to a personal life bereft of its’ being

whereupon entering a sacred place of
stained glass windows and the statues
of holy saints long dead brought
daily tests to question her soul

she watched men cloaked in white robes
garnished with vestments hung about
their necks symbols of their holiness

where the incense they spread in the air
afflicted her senses but must be done
for it was said it purified & cleansed
raising up the prayers of the faithful

but nothing addressed her innocence to
enlighten her of past holy wars that spread
death to those who believed naught the same

so she entertained a communion white veil
to be replaced later by a robe of red as
she promised to put her belief in those
words written by nameless faces of others

she believed in it all until the day her
faith stood the ultimate test of the reaper
causing her heart to have a hope of its’ own

© 2017, Renee Espriu (Renee Just Turtle Flight and Haibun, ART & Haiku, Inspiration, Imagination & Creativity With Wings)

Red The Strong Says

“Belief is a ship
on the fish flecked sea,
close hauled and tacking,
against this Christian gust.

It has a dragon’s head,
and aft a crook, which turns up,
and ends in a dragon’s tail.

Gilded carved work on each side
of the stem and stern.
I call this ship “The Serpent”
Its hoisted sails are dragon’s wings.

I’m brought before me boss,
who offers me baptism.
“And,” says he, “I will not
take thy property from thee,

but rather be thy mate,
if thou wilt make thysen
worthy to be such.”

I exclaim with all me might
against his offer, say
“I’ll never believe in Christ,
and this so called God.”

Boss was wroth, and says “Thee
shall die worst of deaths.”

He orders I be bound
to a beam of wood, me face
uppermost, and round pin of wood
set between my teeth
to force me gob open.

Boss orders an adder
rammed down my gob,
but adder shrinks back
when I breathe against it.

A hollow branch of angelica root
is stuck in my gob; others say boss
put his horn into me mouth,
and forces adder in
holds a red-hot iron
before me open gob.
So adder creeps into it,
down me throat,
gnaws its way out me side.

My last breath is a ship
on the fish flecked sea,
close hauled and tacking,
against this Christian gust.”

© 2017, Paul Brookes (The Wombwell Rainbow)

A Bridge

anastomosis [ah-nas″to-mo´sis] (pl. anastomo´ses) (Gr.)

It is bin day. Sound of breaking glass.

A vein.

between places,
one person and another,

A Bridge

anastomosis [ah-nas″to-mo´sis] (pl. anastomo´ses) (Gr.)

It is bin day. Sound of breaking glass.

A vein.

between places,
one person and another,
you and your kids,
a busy crossing between beliefs.
from wick to ash.
full to empty.

Broken, blocked, under investigation.

No link, information dammed,
Adamant your side is right,
other side apostate.
Bloodied metal sends a message,
via media bridges.

Bins must be wheeled back to their places.

a busy crossing between beliefs.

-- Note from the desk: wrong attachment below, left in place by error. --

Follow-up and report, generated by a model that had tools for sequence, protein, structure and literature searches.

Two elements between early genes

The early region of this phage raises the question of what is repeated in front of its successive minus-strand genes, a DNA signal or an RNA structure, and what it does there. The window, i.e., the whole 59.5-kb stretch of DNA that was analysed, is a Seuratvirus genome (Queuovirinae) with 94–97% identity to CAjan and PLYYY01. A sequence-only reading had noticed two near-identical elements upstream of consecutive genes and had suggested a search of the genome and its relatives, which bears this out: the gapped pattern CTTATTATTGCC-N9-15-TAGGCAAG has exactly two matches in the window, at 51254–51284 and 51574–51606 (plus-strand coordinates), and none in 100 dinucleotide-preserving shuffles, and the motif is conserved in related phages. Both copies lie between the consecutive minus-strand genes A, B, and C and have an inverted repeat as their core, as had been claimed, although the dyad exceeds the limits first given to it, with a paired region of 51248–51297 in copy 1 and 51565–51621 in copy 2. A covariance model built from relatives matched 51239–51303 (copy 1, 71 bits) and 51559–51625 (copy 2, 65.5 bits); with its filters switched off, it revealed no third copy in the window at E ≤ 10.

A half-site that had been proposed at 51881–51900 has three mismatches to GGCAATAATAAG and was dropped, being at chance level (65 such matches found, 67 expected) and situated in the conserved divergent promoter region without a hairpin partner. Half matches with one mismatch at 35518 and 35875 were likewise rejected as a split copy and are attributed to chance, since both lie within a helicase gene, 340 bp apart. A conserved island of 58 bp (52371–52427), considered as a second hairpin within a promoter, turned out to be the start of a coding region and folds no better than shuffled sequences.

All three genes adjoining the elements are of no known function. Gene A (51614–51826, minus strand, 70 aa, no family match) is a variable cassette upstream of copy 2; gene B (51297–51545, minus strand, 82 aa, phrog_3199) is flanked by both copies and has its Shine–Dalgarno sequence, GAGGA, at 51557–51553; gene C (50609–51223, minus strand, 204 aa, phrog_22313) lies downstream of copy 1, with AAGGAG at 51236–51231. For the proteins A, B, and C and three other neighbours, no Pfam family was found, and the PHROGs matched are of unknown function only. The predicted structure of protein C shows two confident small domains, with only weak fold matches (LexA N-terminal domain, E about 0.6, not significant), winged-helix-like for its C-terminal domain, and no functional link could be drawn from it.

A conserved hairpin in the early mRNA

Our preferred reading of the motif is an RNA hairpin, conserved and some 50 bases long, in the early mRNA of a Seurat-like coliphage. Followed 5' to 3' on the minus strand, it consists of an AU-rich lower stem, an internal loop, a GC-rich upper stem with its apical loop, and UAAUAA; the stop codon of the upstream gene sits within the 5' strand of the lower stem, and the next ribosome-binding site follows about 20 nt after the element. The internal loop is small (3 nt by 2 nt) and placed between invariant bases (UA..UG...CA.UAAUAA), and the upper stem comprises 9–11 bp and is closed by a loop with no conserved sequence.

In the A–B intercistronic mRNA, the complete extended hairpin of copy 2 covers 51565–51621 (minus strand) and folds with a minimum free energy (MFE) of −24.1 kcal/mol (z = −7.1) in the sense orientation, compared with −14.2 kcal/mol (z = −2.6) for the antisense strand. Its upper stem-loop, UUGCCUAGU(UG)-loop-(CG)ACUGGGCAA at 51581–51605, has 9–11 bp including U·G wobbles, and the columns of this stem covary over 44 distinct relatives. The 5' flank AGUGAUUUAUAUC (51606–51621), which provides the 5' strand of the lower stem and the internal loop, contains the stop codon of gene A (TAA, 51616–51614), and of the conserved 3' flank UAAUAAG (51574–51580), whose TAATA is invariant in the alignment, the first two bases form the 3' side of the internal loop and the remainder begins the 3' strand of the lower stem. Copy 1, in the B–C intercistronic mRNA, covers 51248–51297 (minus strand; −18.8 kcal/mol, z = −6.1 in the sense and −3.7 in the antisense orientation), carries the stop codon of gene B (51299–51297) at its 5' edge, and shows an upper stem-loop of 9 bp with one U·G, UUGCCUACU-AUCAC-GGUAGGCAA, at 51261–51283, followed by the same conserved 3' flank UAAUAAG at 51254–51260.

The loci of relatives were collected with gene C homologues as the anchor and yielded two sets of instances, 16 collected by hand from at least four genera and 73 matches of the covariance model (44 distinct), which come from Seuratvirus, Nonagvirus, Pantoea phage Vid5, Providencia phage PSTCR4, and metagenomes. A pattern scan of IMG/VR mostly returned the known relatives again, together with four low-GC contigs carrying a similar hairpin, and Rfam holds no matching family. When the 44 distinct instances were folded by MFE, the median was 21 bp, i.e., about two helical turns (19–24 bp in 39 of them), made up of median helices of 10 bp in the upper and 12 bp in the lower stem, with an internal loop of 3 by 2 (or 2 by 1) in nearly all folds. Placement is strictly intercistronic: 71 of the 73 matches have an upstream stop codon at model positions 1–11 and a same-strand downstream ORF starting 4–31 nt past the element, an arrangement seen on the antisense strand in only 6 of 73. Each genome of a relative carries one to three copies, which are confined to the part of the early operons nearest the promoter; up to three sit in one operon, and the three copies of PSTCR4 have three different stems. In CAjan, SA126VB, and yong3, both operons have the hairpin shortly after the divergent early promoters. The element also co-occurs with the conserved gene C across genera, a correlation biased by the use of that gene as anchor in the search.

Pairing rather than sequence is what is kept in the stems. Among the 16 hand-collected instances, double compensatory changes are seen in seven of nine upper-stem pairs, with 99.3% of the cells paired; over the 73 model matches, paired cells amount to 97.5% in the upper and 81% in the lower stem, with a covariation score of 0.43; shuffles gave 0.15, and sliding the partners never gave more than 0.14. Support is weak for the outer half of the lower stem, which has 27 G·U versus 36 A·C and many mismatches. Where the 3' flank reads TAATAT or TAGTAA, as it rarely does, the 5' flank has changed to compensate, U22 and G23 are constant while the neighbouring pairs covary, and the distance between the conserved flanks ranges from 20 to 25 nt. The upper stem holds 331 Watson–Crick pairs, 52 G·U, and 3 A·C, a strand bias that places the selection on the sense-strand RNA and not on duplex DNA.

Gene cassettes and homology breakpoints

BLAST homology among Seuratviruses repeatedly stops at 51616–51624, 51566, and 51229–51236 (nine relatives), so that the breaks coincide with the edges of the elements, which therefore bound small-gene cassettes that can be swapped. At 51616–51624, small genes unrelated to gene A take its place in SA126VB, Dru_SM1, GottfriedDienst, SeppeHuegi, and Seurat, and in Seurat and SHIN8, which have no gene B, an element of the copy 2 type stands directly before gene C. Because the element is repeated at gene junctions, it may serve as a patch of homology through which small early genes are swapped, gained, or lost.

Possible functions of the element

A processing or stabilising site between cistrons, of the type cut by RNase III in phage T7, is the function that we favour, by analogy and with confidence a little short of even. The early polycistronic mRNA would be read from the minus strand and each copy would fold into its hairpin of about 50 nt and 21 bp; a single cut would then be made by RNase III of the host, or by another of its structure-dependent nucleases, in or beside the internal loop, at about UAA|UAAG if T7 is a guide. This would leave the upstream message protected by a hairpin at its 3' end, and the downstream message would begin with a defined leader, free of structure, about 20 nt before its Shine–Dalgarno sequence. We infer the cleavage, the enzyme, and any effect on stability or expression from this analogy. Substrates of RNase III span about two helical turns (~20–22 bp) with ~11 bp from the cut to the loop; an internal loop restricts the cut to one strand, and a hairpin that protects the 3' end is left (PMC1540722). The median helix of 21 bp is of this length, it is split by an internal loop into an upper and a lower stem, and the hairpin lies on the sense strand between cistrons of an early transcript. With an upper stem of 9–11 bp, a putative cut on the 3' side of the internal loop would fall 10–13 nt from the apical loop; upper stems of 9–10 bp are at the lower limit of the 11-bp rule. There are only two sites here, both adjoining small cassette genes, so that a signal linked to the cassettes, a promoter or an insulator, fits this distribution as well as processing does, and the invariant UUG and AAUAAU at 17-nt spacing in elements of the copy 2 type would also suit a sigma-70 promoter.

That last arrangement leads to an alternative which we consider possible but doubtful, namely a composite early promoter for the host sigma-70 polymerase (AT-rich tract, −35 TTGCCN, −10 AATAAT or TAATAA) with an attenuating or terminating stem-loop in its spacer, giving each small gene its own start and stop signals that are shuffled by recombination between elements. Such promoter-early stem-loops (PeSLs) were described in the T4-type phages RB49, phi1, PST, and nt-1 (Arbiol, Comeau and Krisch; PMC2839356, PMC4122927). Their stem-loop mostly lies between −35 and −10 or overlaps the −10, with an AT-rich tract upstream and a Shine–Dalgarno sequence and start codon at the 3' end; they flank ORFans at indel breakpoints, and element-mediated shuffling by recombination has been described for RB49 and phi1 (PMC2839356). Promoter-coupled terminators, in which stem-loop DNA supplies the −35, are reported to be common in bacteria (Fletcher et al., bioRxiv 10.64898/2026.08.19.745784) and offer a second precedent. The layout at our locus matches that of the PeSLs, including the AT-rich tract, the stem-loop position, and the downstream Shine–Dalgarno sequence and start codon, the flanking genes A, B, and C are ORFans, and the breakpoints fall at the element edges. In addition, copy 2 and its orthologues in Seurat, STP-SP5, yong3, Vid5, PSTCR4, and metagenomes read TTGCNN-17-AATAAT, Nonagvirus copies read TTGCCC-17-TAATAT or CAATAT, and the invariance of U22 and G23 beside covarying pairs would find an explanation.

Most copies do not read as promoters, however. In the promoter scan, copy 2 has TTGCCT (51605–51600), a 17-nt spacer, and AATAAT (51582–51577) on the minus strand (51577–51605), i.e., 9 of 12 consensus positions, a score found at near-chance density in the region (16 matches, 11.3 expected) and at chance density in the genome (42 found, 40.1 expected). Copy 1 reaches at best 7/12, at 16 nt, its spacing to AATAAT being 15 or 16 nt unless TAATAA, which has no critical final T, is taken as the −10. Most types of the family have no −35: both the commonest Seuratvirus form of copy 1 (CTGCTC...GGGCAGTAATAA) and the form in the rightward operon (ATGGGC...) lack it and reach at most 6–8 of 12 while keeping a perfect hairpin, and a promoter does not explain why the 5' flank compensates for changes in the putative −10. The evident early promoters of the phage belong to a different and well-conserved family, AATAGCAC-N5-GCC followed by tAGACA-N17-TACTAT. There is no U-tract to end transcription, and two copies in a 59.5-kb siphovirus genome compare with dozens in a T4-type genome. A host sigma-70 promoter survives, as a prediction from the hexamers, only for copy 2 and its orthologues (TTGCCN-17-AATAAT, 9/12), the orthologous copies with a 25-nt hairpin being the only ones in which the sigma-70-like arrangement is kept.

from wick to ash.
full to empty.

Broken, blocked, under investigation.

No link, information dammed,
Adamant your side is right,
other side apostate.
Bloodied metal sends a message
via media bridges.

Bins must be wheeled back to their places.

© 2017, Paul Brookes (The Wombwell Rainbow)

A Toleration

So I says to our Vicky
” ‘ow come thas back so soon lass.”
Well she were in a right towing.
says “I were right with him, only he weren’t with me, the wazzock.”

Well, I like a strong fella, misen,
makes us all soft inside and tha feels cossetted, but when as they start, demanding tha do this or that.
It’s a right pisser.

That lad, Olly, asking to wed her,
says to her, ” I think it best love, as tha abandon this pagan stuff so we’ve a regular going on.”

Vicky says, “I’ll not abandon my faith,
and that of folk afore me.
I don’t want thee to abandon thy Christian doings, either.” Understanding his predicament, like.

Well, laddo, sloshes her int face
with his glove. Tosser.
Well, she slaps him back,
as you would, and
comes back home, quicksticks.

Tha can only tolerate so much.

© 2017, Paul Brookes (The Wombwell Rainbow)

“1712 we write of wool”

again, and weaving.

listen to the coventry carole,

little tiny child, fingers tapping

in time, the medieval, the membrance

of cathedral . walking up hill chanting.

repeatedly. they moved the stairs.

we hold the cotton, the wool

for comfort.

© 2017, Sonja Benskin Mesher (Sonja Benskin Mesher, RCA and Sonja’s Drawings)

white linen

.. cooking carrots, and thinking of belief ..

the other side of the mirror


it is a source of inspiration, and research. it is written, yet having writ. we use. imagination, add a dose of suggestion, slightly thinking this is fact we do not move on when perhaps we should. so moving on quickly……

cut them.

maybe we need to check our numbers at the end, see if one or more are missing. need to count them carefully, one side then the is all a pattern, that keeps us safely, leads us onward.

simmer them.

what about this list, to do it before you die, well as she said, you probably can’t do it after. some may disagree – another belief. we try not to judge, yet that bucket was not worth five pound,so

we paid two.

strain them.
ready for later.

© 2017, Sonja Benskin Mesher (Sonja Benskin Mesher, RCA and Sonja’s Drawings)

. magna carta .

is left behind with tiny writing. salisbury cathedral.

the back way. written in latin for those who matter.

those words and those words

an historian uttered sent me reeling outside.

where air is cleaner.

oh , by the way

left you both there too. were you trying to appease

the barons?

© 2017, Sonja Benskin Mesher (Sonja Benskin Mesher, RCA and Sonja’s Drawings )